No contest

Redistricting strategies are making elections less meaningful
When Americans go to the polls in November to select their representatives in Congress, this great exercise in democracy will be tarnished by the fact that in most cases the outcome is virtually predetermined. This year only 36 of the 435 contests for the House of Representatives are regarded as competitive—meaning that either the Republican or the Democrat has a reasonable chance to win. Over 90 percent of all seats are “safe” for one party or the other.

The number of competitive races has dropped sharply in the past decade or so. A study by the Cook Political Report estimates that there were 40 to 45 competitive races in 2002—a drop from about 150 in 1992.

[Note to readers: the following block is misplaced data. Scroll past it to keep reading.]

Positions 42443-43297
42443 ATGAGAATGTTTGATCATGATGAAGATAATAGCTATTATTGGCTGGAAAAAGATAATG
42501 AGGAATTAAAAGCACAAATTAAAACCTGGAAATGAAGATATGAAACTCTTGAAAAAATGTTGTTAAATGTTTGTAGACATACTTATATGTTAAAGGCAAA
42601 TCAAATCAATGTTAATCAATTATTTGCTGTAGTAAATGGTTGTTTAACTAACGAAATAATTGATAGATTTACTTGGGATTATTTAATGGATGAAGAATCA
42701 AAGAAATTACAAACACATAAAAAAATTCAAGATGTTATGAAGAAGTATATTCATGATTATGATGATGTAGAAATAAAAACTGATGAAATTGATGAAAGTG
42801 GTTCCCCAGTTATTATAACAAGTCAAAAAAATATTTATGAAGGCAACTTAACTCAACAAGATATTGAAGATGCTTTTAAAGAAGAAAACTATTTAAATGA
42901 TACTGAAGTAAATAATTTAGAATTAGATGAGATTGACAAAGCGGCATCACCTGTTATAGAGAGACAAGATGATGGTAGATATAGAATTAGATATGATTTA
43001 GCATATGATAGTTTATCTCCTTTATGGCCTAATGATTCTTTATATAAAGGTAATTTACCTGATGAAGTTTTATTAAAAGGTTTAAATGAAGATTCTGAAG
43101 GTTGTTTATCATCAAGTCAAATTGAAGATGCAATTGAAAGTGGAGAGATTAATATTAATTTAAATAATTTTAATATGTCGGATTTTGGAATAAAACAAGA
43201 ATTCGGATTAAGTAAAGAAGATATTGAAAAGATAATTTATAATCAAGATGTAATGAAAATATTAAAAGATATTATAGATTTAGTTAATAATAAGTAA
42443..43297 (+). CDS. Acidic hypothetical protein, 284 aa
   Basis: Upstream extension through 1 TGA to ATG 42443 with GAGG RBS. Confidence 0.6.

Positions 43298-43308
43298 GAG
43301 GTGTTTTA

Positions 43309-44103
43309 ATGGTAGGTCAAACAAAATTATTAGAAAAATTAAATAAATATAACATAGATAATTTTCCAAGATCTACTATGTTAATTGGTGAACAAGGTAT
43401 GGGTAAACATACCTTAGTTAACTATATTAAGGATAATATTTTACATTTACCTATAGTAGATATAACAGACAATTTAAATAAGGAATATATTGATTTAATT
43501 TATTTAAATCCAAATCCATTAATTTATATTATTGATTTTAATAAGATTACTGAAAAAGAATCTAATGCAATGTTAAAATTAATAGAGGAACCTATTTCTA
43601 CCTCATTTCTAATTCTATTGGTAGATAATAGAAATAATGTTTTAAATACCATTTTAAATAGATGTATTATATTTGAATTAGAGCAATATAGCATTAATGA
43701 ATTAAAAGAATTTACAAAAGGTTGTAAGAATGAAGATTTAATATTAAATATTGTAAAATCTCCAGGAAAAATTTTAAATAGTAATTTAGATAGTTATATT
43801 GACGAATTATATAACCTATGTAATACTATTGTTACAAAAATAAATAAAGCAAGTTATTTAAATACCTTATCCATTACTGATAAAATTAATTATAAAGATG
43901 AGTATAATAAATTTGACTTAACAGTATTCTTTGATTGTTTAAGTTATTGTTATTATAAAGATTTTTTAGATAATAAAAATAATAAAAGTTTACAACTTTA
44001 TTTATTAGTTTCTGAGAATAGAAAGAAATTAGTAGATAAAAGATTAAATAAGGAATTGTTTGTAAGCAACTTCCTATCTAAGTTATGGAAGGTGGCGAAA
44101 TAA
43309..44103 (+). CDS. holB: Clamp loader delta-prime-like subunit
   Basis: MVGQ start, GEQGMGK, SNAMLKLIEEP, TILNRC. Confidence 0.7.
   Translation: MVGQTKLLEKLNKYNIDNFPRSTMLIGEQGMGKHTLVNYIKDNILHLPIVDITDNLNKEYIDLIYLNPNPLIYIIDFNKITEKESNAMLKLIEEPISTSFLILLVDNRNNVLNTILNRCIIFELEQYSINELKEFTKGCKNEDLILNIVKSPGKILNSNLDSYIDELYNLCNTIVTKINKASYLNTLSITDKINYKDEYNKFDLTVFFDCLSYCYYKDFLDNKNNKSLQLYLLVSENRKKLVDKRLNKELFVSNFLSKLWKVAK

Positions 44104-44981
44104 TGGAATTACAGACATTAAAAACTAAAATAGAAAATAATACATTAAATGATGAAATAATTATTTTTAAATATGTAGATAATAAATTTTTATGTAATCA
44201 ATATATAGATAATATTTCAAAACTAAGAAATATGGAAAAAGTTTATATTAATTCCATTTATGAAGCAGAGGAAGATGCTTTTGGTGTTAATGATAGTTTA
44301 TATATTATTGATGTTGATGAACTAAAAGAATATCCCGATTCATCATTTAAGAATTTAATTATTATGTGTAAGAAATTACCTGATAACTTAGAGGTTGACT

This article is available to subscribers only. Please subscribe for full access—subscriptions begin at $2.95. Already have an online account? Log in now. Already a print subscriber? Create an online account for no additional cost.

This article is available to subscribers only.

To post a comment, log inregister, or use the Facebook comment box.